Hygiene requirements

At the international bakery trade show iba in Munich, which ran in October 2023, Rotzinger Group exhibited its Hygienic Conveyor and Robot with an Integrated Buffer which was launched in response to greater requirements for hygiene and stringent food safety regulations. Requirements for equipment to be more hygienic, whether this is through sanitary materials and belt surfaces or designing systems to be easy to access and clean, is nothing new, although this focus on upholding stringent hygiene requirements has intensified in recent decades, driven by increased scrutiny from consumers and customers, particularly retailers, and stringent regulation.

As well as reflecting a greater need for compliance with stringent food safety regulations, more specifically in Europe, Rotzinger presented a Robot with an Integrated Buffer to bring together flexibility, compactness and ease of operation. “Our Hygienic Conveyor for dry cleaning and Robot with an Integrated Buffer have been specifically designed to tackle the escalating concerns regarding efficiencies and heightened sanitary requirements in food production,” stressed Christian Vouillamoz, Product Manager, Rotzinger Group in a press release. “With their intuitive controls and streamlined design, these solutions aim to enhance productivity and optimise operations.”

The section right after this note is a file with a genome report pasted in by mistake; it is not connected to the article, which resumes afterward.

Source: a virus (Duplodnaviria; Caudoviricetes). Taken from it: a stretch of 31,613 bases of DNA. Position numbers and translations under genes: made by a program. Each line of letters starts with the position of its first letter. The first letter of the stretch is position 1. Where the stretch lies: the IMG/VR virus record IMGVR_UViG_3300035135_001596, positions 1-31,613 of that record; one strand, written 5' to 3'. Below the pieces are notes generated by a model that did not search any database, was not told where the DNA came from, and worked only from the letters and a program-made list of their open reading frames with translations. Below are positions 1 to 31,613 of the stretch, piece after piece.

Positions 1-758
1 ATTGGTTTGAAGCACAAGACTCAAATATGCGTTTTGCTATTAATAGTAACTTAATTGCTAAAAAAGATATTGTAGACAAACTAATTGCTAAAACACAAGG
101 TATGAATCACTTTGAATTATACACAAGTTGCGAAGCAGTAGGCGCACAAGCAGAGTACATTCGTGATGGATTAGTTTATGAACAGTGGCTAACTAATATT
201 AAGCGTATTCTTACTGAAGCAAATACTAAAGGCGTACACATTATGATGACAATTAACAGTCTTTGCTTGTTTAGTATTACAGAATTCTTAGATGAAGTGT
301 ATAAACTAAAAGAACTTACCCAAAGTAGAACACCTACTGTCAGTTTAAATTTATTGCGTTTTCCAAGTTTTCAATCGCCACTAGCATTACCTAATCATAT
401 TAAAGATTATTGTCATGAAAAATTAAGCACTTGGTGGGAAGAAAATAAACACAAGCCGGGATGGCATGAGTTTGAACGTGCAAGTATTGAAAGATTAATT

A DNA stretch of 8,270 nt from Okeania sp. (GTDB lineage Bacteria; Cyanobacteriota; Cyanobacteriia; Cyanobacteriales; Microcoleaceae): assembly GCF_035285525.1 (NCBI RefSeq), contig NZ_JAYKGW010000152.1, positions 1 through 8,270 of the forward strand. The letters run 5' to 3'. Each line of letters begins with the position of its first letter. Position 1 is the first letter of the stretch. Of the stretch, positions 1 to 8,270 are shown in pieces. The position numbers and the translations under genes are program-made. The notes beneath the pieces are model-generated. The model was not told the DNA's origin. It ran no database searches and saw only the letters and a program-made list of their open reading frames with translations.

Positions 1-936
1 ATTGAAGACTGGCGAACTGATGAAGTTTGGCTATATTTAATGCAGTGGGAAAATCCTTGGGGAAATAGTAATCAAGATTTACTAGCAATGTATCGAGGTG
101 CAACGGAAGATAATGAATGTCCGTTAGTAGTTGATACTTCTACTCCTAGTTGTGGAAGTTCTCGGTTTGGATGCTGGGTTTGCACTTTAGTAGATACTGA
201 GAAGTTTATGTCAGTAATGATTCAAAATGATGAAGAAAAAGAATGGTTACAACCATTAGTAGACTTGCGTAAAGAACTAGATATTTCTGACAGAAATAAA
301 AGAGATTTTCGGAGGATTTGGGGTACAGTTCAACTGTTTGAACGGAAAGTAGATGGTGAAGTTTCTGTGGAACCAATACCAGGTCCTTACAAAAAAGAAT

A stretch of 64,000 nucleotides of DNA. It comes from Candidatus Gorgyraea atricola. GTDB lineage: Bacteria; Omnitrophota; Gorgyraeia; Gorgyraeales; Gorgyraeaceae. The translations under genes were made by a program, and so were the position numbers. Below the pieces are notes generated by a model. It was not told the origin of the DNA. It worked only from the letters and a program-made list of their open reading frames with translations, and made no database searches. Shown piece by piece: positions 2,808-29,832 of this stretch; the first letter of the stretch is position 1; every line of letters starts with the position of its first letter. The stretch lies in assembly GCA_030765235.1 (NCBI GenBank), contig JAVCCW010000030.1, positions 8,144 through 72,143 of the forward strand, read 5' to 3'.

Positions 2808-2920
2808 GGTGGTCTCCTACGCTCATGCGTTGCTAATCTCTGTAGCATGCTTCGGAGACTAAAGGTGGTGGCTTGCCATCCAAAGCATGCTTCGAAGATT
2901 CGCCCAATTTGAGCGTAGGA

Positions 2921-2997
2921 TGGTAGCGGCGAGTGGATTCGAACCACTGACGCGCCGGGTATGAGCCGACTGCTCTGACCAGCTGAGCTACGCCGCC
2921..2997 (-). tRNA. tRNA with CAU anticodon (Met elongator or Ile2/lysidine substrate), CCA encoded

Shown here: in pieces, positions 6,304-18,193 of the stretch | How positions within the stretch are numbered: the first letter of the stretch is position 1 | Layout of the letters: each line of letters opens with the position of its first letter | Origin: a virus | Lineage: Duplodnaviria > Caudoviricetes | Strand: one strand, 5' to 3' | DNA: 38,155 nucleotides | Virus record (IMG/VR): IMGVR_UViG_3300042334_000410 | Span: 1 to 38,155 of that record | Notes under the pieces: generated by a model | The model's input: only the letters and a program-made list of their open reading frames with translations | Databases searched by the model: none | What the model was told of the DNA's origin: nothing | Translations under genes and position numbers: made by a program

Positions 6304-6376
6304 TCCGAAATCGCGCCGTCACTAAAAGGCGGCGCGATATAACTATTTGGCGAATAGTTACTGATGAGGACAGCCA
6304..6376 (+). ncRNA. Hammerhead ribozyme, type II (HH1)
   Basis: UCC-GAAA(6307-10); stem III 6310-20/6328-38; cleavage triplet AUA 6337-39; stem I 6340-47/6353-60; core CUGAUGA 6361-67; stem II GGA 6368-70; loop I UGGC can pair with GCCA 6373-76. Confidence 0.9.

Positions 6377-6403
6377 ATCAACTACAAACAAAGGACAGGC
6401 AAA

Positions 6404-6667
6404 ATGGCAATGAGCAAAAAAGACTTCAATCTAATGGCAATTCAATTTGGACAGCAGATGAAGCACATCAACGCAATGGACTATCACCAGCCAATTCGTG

A Rotzinger spokesperson I met with at iba echoed the hygiene requirements driving this solution, and explained this conveyor was the result of collaboration with a Swiss bakery, a customer: “We developed this kind of conveyor with them together, as our previous machine did not meet the same hygiene standards, and our customer informed us of this,” they explained. “The aim was to have a conveyor that is easy to clean and maintain.”

The spokesperson stated that from experience, hygiene requirements can differ depending on the bakery – as some employ methods such as baking potential bacteria in products away in the oven – but mould remains a major concern. “This was one of the greatest fears of our customer,” added the spokesperson. “Ensuring you can easily clean equipment and the conveyors on average will become cleaner is a really important step in reducing the risk of mould growing.”